Conditions and diseases
Symptoms and causesSymptoms and causes
What is it?
The pituitary gland is a small gland in the brain that controls various hormone systems in your body. To examine the function of the pituitary gland, a blood sample (usually in the early morning) and sometimes an MRI scan of the pituitary gland is required.
Which problems can arise?
A pituitary macro-adenoma is a (usually) benign tumour larger than 1 cm in the pituitary gland. The pressure exerted by the tumour on the structures around the pituitary gland can disrupt the various hormonal axes. The tumour can also cause headaches or poor vision.
A pituitary macro-adenoma can be treated either with medication or surgically.
A pituitary microadenoma is a (usually) benign tumour smaller than 1 cm.
It is often detected by chance, for example, during a brain scan taken for other reasons. Micro-adenomas do not always cause symptoms. Some of them cause too much of a given hormone (e.g. prolactine).
Hypophysical microadenomas do not always need to be treated. If that is the case, of course, they are followed up with regular imaging of the pituitary gland. Sometimes, after some time, imaging is no longer necessary.
Hypofysary insufficiency (hypopituitarism)
With pituitary insufficiency, some (or all) of the functions of the pituitary gland do not work, resulting in deficiency of a particular hormone in your body. Medication (usually taken orally, sometimes through an injection) is required to compensate for these shortages. Without medication, life-threatening situations (such as Addison crisis) can arise.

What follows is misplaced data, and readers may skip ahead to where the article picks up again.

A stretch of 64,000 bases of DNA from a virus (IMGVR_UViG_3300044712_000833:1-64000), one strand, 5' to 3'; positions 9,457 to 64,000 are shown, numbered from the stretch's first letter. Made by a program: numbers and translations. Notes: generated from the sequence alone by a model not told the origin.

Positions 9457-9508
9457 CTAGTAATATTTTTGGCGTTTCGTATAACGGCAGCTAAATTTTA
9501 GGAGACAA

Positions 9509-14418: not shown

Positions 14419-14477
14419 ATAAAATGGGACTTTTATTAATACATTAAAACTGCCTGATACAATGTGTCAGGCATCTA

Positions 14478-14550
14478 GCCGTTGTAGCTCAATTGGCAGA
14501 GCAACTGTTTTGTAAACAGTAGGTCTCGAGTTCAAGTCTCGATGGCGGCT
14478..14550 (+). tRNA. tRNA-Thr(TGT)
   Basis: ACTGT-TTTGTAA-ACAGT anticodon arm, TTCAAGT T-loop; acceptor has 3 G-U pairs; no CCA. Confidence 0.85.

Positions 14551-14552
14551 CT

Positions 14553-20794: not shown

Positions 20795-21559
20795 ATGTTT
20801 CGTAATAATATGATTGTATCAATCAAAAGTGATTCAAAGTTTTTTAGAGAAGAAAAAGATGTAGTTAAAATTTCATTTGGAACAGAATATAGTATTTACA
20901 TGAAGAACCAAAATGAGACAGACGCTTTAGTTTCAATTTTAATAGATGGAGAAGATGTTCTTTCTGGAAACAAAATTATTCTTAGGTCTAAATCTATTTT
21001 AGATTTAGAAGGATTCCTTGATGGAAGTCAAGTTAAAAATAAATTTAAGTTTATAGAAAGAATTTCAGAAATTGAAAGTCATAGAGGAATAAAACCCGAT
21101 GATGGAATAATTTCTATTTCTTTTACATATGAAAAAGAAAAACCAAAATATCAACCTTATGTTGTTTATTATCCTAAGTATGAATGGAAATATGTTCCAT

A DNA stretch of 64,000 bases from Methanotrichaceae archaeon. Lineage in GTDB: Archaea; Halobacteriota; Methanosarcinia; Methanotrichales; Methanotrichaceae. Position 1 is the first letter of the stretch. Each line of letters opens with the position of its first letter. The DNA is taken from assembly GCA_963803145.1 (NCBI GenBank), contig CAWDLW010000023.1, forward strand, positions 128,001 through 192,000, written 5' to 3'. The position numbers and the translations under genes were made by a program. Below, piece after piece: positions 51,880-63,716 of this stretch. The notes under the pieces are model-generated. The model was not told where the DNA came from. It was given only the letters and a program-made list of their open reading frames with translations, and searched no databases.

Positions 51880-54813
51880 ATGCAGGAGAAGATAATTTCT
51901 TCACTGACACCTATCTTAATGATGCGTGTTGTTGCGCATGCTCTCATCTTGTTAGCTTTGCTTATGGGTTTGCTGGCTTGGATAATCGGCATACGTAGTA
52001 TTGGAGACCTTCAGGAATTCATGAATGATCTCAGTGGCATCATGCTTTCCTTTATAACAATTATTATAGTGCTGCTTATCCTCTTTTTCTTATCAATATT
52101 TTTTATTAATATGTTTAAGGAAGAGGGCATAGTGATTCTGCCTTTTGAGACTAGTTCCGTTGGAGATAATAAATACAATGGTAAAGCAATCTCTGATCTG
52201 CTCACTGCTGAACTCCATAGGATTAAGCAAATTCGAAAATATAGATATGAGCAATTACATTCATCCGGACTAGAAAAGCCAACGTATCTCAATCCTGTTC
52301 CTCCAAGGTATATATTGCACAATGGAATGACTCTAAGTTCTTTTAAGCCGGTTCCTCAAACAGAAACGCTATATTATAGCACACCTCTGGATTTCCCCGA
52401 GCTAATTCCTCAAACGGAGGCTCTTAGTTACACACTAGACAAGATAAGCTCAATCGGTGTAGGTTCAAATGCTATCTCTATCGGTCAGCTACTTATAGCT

Diabetes insipidus is a condition in which the kidneys do not retain enough fluid. This is due to a lack of the antidiuretic hormone (or vasopressin), a hormone secreted by the pituitary gland. People who have diabetes insipidus urinate very frequently and are thirsty all the time, even if they drink a lot.
Diabetes insipidus is not to be confused with diabetes mellitus, another condition that causes the patient to be thirsty and urinate often. In that case, too much blood sugar is the cause.
In acromegalia, too much growth hormone is secreted by the pituitary gland. This causes different organs or bones to grow too much. Patients with acromegalia can suffer from snoring or high blood pressure and often have diabetes mellitus. They are also more likely to experience (usually) benign swellings in other organs such as the intestines or thyroid gland... The first symptoms are usually headaches, joint pains, more sweating, fatigue or poorer vision. Due to the growth of hands and feet, rings or shoes can suddenly become too small.
The treatment of acromegalia usually consists of surgery. Sometimes medication or radiotherapy (radiotherapy) may also be required. Surgery is performed by a neurosurgeon.
Treatment centres and specialisationsTreatment centres and specialisations
Latest publication date: 14/12/2022
Supervising author: Dr Boer Mirra